Previously Held AFSC/MOS 00000-not listed
29231-Apprentice Morse Intercept Operator
29330-Apprentice Ground Radio Operator
29251-Morse Intercept Operator
29350-Ground Radio Operator
29350E-Ground Radio Operator
29352C-Airborne Radio Operator
29372-Airborne Radio and Flight Inspection Technician
Best Friends SSGT Jerald E. Hungerford, TSGT Willie C. Smith, TSGT Virginuis T. Bowen, CMSGT James E. Maxson.
Best Moment Being awarded Missileman Badge on January 10, 1969 by demonstrating the responsibilites of Radio Operators during possible missile launchings using the SAC Airborne Command Post (Looking Glass E-135C aircraft) system.
Appointed SAC Airborne Command Post Instructor on March 28, 1968.
Three Letters of Favorable Communication from Colonel Wilton G. Weaver, Deputy Director of Command and Control, Deputy Chief of Staff Operations; Captain Ronald R. Thiem, ABNCP Communications Controller; and Captain Clark A. Murray, ABNCP Communications Controller in August 1969.
Chain of Command SMSGT Brandt (NCOIC Stnds-Eval-Trng), CMSGT James Maxson (NCOIC, ABN/GND Radio Ops), Capt. Penny (OIC CmdPostOPS), Maj. Kelley (Chief, CommCtrlDiv), Lt. Col. Sutton, Jr. (CMDR, 31COS), Col. DeCoster (CMDR, 1st ACOMG), Col. Service (Chief, DOCE)
Other Memories Looking Glass
"Operation Looking Glass" provided at least 11 EC-135C command post aircraft to the Commander in Chief Strategic Air Command (CINCSAC), which were either based at its headquarters at Offutt AFB, Nebraska, or at Ellsworth AFB, South Dakota. All aircraft have been retired or repurposed.
The U.S. nuclear strategy depends on its ability to command, control, and communicate with its nuclear forces under all conditions. An essential element of that ability is Looking Glass; its crew and staff ensure there is always an aircraft ready to direct bombers and missiles from the air should ground-based command centers be destroyed or rendered inoperable. Looking Glass is intended to guarantee that U.S. strategic forces will act only in the manner dictated by the President. It took the nickname "Looking Glass" because the mission mirrored ground-based command, control, and communications. Besides being the program name, "Looking Glass" is the official name for the "C" model aircraft of the EC-135. It has a crew of at least 15, including at least one or more general officer.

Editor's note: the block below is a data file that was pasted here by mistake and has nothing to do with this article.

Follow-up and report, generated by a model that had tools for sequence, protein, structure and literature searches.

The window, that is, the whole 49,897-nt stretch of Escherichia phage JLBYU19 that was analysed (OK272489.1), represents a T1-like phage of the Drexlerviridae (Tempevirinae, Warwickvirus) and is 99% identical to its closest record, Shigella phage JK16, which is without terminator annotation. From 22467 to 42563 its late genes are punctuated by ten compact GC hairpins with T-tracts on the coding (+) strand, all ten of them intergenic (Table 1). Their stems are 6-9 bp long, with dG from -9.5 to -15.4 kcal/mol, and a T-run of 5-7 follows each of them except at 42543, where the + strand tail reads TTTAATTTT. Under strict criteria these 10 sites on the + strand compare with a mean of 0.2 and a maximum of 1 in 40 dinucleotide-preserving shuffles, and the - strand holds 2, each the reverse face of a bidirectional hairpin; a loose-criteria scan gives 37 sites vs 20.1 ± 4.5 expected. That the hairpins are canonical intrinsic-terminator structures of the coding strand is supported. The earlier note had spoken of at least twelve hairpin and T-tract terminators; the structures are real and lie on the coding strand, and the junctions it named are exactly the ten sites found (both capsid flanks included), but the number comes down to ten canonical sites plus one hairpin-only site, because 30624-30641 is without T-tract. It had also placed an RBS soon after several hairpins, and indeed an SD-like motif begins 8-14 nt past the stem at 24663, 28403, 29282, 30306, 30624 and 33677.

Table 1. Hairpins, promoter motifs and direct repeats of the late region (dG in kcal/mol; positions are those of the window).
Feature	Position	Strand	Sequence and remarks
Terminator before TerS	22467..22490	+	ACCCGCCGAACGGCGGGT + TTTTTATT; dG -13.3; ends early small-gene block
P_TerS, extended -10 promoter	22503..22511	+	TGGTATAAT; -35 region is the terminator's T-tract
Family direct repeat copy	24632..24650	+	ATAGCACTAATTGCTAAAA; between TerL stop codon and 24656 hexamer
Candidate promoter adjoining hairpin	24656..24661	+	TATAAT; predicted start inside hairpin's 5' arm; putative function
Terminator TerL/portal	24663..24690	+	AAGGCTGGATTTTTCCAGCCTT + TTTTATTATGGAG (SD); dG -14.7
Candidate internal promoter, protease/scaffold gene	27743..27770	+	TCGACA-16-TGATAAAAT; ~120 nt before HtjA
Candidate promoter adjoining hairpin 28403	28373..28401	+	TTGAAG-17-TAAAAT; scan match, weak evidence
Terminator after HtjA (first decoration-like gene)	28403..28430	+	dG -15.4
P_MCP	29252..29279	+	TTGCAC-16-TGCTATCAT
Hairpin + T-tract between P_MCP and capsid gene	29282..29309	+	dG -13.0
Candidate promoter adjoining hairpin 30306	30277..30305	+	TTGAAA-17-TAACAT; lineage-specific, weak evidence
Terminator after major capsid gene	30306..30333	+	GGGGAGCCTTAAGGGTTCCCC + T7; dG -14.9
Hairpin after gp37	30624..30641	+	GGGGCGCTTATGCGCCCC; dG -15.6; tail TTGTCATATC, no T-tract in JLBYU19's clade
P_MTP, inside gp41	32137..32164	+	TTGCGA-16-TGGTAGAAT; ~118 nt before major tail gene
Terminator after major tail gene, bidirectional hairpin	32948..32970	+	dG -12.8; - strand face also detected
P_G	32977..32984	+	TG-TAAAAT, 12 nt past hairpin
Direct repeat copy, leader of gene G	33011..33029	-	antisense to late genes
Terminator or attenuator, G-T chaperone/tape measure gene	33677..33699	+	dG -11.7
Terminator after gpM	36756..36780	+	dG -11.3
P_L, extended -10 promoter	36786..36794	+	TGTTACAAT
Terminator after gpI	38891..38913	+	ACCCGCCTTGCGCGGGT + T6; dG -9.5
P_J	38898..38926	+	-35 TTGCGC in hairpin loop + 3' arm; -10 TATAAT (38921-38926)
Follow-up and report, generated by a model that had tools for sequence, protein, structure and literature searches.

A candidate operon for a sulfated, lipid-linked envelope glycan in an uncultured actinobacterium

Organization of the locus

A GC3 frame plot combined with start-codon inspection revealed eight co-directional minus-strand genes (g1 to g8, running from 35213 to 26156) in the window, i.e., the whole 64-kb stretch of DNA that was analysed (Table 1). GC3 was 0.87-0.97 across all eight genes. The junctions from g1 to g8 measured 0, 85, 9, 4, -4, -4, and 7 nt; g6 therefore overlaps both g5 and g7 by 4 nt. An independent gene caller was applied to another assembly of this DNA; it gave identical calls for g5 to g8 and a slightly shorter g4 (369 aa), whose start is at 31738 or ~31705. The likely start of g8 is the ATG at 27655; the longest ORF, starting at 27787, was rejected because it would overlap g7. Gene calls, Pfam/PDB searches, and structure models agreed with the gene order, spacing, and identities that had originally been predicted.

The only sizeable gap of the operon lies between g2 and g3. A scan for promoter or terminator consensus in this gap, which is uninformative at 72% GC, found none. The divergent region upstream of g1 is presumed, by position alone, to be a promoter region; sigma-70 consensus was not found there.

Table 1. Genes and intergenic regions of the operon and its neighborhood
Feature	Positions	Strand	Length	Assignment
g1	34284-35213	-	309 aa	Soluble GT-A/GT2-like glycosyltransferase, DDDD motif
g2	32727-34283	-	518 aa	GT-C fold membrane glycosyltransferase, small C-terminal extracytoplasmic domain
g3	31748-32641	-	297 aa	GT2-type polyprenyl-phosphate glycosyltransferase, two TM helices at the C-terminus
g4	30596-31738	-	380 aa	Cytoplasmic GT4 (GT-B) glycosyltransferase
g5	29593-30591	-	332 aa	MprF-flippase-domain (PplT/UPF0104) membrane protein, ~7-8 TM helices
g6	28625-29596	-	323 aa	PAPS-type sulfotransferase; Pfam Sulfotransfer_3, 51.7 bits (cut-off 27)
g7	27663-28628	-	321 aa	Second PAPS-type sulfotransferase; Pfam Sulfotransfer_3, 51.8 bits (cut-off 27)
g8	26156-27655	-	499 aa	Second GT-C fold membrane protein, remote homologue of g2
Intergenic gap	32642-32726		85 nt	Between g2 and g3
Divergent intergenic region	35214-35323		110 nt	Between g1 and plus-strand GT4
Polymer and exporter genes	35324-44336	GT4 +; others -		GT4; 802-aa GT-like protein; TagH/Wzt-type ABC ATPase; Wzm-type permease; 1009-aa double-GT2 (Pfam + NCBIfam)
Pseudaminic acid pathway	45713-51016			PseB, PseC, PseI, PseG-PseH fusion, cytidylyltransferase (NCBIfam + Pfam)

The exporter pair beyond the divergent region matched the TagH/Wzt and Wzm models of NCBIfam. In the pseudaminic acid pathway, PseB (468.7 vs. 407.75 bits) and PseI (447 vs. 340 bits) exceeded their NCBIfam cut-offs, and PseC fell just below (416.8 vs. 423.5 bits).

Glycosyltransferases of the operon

The Strategic Air Command began the Looking Glass mission on February 3, 1961. Looking Glass aircraft were continuously airborne 24 hours a day for over 29 years, accumulating more than 281,000 accident-free flying hours. On July 24, 1990, "The Glass" ceased continuous airborne alert, but remained on ground or airborne alert 24 hours a day.
On June 1, 1992, SAC was deactivated and replaced by USSTRATCOM, which now controls the Looking Glass. On October 1, 1998, the Navy's E-6 Mercury TACAMO replaced the USAF's EC-135C in the Looking Glass mission.